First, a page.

Penangite made Professor of Global Health by Oxford, does M’sia proud

GEORGE TOWN: A Penangite has made the country proud after she was conferred the title of Professor of Global Health by the University of Oxford.

Dr Cheah Phaik Yeong, 47, was bestowed the title by the varsity’s vice-chancellor Prof Louise Richardson on Tuesday (Dec 7).

As professor of global health, she will lead research relating to the health of populations in the worldwide context.

“The priority of global health research is improving health and well-being, as well as equity in health for all people worldwide,” she explained.

Prof Cheah now heads the Bioethics and Engagement Department at Mahidol Oxford Tropical Medicine Research Unit in Bangkok, Thailand.

“My advice to young women, including Malaysians – work hard and dream big; don’t let being a woman or being Malaysian, or anything stand in the way,” she said.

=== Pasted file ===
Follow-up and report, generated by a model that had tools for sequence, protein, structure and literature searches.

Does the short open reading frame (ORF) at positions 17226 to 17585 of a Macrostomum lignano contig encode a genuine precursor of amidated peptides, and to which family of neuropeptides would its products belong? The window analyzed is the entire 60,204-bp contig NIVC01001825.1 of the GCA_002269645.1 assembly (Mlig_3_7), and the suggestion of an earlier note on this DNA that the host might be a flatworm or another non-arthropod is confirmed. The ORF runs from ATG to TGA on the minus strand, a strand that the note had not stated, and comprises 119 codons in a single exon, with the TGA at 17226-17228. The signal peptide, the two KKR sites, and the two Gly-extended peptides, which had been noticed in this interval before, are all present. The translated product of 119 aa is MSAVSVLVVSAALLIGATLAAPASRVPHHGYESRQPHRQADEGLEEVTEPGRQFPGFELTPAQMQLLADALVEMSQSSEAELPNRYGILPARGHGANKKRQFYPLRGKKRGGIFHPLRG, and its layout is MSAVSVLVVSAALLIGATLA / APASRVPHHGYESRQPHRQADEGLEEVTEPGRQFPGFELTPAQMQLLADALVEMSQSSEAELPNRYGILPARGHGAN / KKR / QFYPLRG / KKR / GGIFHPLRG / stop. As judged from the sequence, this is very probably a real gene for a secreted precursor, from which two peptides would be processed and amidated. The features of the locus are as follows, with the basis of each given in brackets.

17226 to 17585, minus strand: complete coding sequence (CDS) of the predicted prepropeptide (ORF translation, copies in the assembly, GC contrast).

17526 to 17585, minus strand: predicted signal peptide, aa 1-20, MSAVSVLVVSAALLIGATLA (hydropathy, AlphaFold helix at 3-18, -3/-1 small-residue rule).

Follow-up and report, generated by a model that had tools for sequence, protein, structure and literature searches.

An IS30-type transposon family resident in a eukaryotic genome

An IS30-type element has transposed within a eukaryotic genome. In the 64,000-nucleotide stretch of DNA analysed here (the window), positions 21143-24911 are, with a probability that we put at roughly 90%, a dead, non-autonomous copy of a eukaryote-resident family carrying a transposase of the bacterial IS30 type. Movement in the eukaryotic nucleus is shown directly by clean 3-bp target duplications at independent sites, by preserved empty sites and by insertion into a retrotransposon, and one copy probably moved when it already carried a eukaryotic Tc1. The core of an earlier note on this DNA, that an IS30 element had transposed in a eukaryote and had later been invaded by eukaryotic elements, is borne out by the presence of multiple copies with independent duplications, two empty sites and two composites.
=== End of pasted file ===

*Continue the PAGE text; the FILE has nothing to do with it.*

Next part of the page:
She takes pride in the fact that people she meets around the world know Malaysia.

“If they have been to Malaysia, they love telling me that, and that they love the food,” she said.

She said she has many research projects going on now and recently finished an international study on Covid-19.

Titled “Economic and social impacts of Covid-19 and public health measures: Results from an anonymous online survey in Thailand, Malaysia, the UK, Italy and Slovenia”, this research paper can now be read online.

Prof Cheah expressed her worry for how Covid-19 preventive measures had taken a toll on humanity, economically and socially.

“The pandemic has exacerbated existing inequalities. The world can only overcome it if all of us take this into account.

“Covid-19 and public health measures have uneven economic and social impact on people from different countries and social groups,” she explained.

She stressed that governments need to understand these impacts in future public health interventions and mitigate their negative consequences.

She said the world at large must show solidarity with communities who are having a hard time such as those in poorer countries with no access to vaccines, with marginalised groups, with those who cannot work from home, with those living in crowded conditions and have underlying medical problems.